Mandatory water conservation regulations adopted in California

The California State Water Resources Control Board (SWRCB) adopted a final emergency regulation on May 5, requiring an immediate 25 percent reduction in overall potable urban water use statewide, in accordance with Gov. Jerry Brown’s April 1 executive order.

The regulation adopted by the board this week places each urban water supplier into one of eight tiers, which are assigned a conservation standard, ranging between 8 percent and 36 percent. For more information on which tier your provider falls under visit www.waterboards.ca.gov/waterrights/water_issues/programs/drought/docs/emergency_regulations/supplier_tiers_20150428.pdf.

Additionally,  commercial, industrial and institutional properties that are not served by a water supplier, or are self-supplied such as by a groundwater well, must also reduce water use by 25 percent or restrict outdoor irrigation to no more than two days per week. No reporting is required but these properties must maintain documentation of their water use and practices.

What does this mean for golf facilities in California? It's not a one-size-fits-all approach to conservation.

Local water supplies will have discretion on how they achieve their required reductions. If you are using potable water to irrigate, you need to contact your water provider to discuss your situation. Some districts may place larger restrictions on outdoor irrigation. YOU HAVE TO ASK TO FIND OUT.

If you are using groundwater, the state, not the local water provider, will oversee use. Courses will be required to reduce water use by 25 percent or restrict outdoor irrigation to no more than two days per week. If your wells are not currently metered, it is recommended to have them metered and start keeping monthly pumping records. Although reporting is not required at this time, if a complaint is filed against your course it will be much easier if there are proper documentation and records in place. THE ONUS FALLS ON YOU.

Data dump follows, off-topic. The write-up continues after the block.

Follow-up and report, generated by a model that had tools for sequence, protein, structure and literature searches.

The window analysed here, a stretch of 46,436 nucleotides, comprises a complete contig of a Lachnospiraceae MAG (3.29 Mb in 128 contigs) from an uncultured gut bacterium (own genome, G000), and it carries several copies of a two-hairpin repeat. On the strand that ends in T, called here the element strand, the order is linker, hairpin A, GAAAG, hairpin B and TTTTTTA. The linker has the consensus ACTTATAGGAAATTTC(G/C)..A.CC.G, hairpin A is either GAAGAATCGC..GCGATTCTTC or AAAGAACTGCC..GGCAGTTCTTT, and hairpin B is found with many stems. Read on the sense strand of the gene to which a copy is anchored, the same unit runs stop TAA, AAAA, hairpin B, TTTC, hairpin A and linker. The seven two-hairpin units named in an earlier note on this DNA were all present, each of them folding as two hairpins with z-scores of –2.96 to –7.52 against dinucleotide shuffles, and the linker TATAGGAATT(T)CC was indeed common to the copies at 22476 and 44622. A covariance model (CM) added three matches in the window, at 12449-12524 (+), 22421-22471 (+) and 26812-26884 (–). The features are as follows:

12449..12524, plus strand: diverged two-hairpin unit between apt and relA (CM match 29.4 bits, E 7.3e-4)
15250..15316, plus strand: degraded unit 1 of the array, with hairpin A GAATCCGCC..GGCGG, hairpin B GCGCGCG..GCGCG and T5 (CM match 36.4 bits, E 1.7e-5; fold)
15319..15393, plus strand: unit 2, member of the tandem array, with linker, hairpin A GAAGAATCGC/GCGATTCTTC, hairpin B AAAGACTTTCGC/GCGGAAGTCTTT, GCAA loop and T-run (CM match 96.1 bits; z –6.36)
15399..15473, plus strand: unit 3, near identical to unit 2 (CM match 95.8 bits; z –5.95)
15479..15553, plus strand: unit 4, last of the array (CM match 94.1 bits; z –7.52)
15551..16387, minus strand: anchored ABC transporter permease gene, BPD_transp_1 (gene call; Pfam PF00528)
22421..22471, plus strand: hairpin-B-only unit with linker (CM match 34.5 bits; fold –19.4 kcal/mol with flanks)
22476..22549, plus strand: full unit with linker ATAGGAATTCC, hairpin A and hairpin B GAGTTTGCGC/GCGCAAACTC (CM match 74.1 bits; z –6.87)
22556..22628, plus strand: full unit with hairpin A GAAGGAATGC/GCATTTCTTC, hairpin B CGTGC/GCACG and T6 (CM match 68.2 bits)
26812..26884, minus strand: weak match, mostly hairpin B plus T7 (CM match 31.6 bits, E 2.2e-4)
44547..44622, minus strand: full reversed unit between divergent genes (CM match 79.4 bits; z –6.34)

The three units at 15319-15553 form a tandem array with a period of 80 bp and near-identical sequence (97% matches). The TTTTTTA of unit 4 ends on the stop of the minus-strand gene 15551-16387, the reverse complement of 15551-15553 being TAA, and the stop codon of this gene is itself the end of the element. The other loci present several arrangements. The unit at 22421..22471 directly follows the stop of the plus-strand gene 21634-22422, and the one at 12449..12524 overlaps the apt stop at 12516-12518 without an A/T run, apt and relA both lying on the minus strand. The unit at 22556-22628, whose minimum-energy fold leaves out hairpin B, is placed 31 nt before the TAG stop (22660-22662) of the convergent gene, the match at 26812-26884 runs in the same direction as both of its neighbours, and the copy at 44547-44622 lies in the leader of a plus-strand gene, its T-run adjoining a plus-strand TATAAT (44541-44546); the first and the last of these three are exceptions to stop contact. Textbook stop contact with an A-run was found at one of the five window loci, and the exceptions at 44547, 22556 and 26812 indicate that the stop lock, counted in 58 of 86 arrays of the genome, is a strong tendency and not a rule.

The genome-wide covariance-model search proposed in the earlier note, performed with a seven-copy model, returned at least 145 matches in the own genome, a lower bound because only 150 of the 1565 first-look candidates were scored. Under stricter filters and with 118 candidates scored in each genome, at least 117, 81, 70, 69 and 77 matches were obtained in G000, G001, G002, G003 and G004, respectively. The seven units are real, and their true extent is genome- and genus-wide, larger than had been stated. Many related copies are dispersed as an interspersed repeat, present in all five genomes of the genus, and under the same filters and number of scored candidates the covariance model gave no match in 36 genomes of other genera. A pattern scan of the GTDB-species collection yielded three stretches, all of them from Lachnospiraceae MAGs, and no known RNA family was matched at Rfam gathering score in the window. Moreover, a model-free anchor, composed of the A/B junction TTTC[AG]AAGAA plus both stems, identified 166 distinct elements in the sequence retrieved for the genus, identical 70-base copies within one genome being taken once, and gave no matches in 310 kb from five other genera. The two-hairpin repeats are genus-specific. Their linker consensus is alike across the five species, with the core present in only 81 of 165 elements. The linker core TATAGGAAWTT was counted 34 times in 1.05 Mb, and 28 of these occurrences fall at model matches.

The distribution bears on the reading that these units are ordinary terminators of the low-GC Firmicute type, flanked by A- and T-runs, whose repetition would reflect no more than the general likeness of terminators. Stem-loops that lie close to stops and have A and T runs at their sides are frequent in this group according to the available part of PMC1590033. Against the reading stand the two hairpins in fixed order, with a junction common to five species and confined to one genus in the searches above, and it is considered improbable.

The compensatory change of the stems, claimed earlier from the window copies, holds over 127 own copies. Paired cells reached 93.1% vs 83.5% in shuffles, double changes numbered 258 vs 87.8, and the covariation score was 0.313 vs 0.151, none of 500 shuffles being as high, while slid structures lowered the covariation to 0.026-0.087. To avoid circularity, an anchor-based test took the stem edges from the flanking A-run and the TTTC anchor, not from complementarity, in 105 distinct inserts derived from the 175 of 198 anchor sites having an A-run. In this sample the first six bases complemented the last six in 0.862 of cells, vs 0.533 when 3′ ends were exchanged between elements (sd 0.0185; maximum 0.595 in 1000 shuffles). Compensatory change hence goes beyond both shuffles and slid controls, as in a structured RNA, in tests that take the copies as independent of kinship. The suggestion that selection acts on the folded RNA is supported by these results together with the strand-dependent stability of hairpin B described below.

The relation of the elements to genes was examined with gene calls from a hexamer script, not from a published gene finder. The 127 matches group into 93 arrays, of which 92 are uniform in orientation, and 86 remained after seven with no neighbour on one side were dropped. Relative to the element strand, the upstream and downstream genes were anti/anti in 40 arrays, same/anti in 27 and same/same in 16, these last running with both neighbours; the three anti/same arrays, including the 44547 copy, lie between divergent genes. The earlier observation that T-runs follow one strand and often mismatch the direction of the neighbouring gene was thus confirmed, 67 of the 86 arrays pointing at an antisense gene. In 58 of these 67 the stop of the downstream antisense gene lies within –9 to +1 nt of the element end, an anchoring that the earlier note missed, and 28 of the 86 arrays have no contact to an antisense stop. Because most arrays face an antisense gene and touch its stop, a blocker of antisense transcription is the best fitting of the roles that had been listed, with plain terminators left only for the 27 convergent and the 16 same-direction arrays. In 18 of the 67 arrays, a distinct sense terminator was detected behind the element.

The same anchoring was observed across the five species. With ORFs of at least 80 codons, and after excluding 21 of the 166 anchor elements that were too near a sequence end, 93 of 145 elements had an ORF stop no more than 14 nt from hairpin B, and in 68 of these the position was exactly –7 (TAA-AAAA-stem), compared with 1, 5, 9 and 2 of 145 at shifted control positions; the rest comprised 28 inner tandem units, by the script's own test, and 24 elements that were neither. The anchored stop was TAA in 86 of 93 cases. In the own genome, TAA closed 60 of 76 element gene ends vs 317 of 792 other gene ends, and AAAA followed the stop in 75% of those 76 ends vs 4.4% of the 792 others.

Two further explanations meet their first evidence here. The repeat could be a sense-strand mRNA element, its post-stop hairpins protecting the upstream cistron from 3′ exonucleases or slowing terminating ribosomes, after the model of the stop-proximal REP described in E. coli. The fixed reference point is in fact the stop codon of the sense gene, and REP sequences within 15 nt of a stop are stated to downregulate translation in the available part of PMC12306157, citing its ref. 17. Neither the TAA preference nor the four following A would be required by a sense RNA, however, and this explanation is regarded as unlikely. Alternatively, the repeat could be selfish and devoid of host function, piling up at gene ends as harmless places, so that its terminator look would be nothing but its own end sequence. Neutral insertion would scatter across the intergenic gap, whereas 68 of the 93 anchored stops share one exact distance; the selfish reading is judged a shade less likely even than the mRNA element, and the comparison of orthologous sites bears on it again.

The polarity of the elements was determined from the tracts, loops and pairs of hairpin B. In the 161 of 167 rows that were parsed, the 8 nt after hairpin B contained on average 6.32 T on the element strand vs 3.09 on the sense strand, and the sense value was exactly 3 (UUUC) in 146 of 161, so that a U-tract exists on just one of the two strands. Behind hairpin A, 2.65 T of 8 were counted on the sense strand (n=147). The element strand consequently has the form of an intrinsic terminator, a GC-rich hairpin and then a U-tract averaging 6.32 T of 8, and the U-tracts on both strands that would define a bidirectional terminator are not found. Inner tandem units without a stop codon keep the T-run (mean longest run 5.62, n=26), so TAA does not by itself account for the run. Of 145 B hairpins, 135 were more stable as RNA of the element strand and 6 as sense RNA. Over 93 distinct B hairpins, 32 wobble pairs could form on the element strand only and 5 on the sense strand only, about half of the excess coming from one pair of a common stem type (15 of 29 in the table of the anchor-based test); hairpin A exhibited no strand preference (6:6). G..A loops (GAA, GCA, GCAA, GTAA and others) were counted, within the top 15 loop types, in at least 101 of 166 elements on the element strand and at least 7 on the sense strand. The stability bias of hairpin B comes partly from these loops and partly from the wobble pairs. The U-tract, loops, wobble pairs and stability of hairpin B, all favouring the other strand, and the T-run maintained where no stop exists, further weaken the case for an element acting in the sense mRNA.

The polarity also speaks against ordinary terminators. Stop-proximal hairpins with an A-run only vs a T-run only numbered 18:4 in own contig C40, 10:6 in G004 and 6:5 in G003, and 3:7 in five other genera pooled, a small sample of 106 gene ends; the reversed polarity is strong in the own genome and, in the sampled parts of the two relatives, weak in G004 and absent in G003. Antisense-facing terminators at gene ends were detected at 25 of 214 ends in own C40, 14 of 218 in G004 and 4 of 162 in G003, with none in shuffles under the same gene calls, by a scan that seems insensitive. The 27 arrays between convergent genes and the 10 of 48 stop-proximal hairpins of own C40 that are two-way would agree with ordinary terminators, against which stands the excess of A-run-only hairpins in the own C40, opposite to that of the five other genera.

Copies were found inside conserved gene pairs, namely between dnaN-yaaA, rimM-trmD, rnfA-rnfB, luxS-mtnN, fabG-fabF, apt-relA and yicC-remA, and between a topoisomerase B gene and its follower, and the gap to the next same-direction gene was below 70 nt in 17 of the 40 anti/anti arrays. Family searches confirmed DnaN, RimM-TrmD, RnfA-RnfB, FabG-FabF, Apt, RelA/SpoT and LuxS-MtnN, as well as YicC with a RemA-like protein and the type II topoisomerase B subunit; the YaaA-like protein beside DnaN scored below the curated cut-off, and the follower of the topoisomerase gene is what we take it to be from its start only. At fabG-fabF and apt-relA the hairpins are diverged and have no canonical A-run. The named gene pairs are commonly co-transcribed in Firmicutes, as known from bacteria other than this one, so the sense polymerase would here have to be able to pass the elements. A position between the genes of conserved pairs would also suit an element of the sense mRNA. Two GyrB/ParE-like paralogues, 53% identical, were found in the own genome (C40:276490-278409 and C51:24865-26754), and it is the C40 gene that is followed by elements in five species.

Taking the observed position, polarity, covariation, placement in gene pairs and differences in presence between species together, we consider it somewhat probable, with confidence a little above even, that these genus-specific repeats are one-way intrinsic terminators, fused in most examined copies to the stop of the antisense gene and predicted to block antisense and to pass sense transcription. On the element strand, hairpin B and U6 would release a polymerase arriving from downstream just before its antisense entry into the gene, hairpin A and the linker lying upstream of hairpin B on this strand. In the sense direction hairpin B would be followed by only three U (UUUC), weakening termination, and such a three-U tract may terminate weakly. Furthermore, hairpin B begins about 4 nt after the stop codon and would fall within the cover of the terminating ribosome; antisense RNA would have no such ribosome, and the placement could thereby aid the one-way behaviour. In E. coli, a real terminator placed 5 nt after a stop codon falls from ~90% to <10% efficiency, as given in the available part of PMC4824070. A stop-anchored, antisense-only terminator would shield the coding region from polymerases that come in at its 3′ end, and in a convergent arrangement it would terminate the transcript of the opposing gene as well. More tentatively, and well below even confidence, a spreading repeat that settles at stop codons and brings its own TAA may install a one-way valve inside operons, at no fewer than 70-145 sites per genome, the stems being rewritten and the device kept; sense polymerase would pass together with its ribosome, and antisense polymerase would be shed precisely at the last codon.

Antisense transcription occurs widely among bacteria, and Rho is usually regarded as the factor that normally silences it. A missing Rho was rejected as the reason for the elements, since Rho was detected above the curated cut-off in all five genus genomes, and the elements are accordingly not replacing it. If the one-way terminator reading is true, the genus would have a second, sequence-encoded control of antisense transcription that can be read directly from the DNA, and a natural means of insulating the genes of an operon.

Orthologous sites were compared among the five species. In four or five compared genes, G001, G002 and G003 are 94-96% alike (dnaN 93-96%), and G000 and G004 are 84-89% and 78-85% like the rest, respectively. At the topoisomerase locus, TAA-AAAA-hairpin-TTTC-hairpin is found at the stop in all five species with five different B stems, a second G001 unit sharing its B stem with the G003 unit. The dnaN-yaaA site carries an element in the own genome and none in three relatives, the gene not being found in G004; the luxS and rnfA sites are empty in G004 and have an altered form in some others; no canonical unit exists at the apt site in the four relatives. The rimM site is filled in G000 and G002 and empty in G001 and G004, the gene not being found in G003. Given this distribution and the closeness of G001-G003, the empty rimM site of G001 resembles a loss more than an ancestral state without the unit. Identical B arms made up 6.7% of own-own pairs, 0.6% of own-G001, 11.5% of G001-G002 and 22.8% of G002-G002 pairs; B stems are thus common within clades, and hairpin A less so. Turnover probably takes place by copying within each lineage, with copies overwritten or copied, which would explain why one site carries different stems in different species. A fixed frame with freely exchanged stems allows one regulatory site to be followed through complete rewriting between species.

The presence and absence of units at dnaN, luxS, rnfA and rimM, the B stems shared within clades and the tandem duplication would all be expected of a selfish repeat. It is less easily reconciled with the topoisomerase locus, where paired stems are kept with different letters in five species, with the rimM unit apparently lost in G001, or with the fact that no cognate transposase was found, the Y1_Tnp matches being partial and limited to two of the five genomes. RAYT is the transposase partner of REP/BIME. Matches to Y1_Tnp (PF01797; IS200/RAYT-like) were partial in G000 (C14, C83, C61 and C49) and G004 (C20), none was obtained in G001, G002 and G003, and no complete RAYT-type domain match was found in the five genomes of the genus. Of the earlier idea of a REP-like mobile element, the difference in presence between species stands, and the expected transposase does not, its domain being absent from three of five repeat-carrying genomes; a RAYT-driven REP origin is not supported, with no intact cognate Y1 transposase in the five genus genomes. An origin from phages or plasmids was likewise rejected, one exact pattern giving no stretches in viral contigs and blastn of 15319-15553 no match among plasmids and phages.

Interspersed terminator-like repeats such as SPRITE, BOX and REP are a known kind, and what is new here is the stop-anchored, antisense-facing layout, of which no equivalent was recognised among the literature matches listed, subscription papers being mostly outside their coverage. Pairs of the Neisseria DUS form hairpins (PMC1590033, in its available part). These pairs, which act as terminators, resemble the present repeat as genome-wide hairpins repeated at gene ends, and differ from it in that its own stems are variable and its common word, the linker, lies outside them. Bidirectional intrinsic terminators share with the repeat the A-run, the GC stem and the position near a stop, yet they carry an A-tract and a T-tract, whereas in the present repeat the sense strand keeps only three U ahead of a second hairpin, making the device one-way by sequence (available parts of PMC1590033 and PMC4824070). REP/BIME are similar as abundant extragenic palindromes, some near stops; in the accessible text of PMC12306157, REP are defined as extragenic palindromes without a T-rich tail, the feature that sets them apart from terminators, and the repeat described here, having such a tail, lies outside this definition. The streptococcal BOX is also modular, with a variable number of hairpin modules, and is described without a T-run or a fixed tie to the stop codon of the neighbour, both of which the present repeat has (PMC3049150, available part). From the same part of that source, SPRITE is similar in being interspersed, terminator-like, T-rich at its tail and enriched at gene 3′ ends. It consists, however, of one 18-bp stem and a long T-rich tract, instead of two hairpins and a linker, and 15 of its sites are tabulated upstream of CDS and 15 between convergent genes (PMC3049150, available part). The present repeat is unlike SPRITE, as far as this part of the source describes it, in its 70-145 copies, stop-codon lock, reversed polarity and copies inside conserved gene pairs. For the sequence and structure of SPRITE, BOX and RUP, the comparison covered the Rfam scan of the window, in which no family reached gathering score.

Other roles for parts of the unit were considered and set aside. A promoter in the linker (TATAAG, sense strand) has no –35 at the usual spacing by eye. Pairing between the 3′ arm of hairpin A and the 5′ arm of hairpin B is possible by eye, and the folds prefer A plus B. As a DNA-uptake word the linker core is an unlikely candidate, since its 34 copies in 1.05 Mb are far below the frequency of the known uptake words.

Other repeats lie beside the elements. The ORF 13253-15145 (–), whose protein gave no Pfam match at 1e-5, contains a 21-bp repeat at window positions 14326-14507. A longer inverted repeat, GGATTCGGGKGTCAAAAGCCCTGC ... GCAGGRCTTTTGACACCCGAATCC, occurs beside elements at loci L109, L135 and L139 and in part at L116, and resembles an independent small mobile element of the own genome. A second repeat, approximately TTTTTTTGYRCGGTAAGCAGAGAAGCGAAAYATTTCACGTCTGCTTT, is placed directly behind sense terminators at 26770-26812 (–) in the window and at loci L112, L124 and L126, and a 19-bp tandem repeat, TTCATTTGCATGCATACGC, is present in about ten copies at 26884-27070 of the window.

The regulation will be submitted to the Office of Administrative Law, which has 10 days to approve or deny the regulation (May15). If approved by the Office of Administrative Law, the regulation will take effect immediately and remain in effect for 270 days from that date.

For more information on the emergency regulations, visit http://www.swrcb.ca.gov/waterrights/water_issues/programs/drought/emergency_regulations_waterconservation.shtml.


 

Wednesday, April 15, 2015

California addresses irrigation timing restrictions


The California golf industry understands the magnitude of the state’s current water crisis and our facilities fully intend to cooperate with Governor Jerry Brown’s executive order issued April 1, 2015.  However, day and time of the week restrictions on irrigation are an ineffective way to meet conservation goals and obtain the most out of the limited water that is available. 

Golf industry water conservation task forces have been formed throughout California in response to time and day of the week restrictions that were unworkable for the golf industry. These task forces developed protocols to sell the value of allowing “large landscapes” to meet water conservation mandates in a manner consistent with sound business practices. These practices would allow golf courses, parks and cemeteries to reduce consumption while retaining 100 percent control over irrigation practices – an “alternative means” of complying without being restricted to watering only on certain days of the week and only during certain hours of those days. In return for the easing of restrictions, participating large landscapes would be required to achieve greater water use reduction (typically 5 percent) than other water users.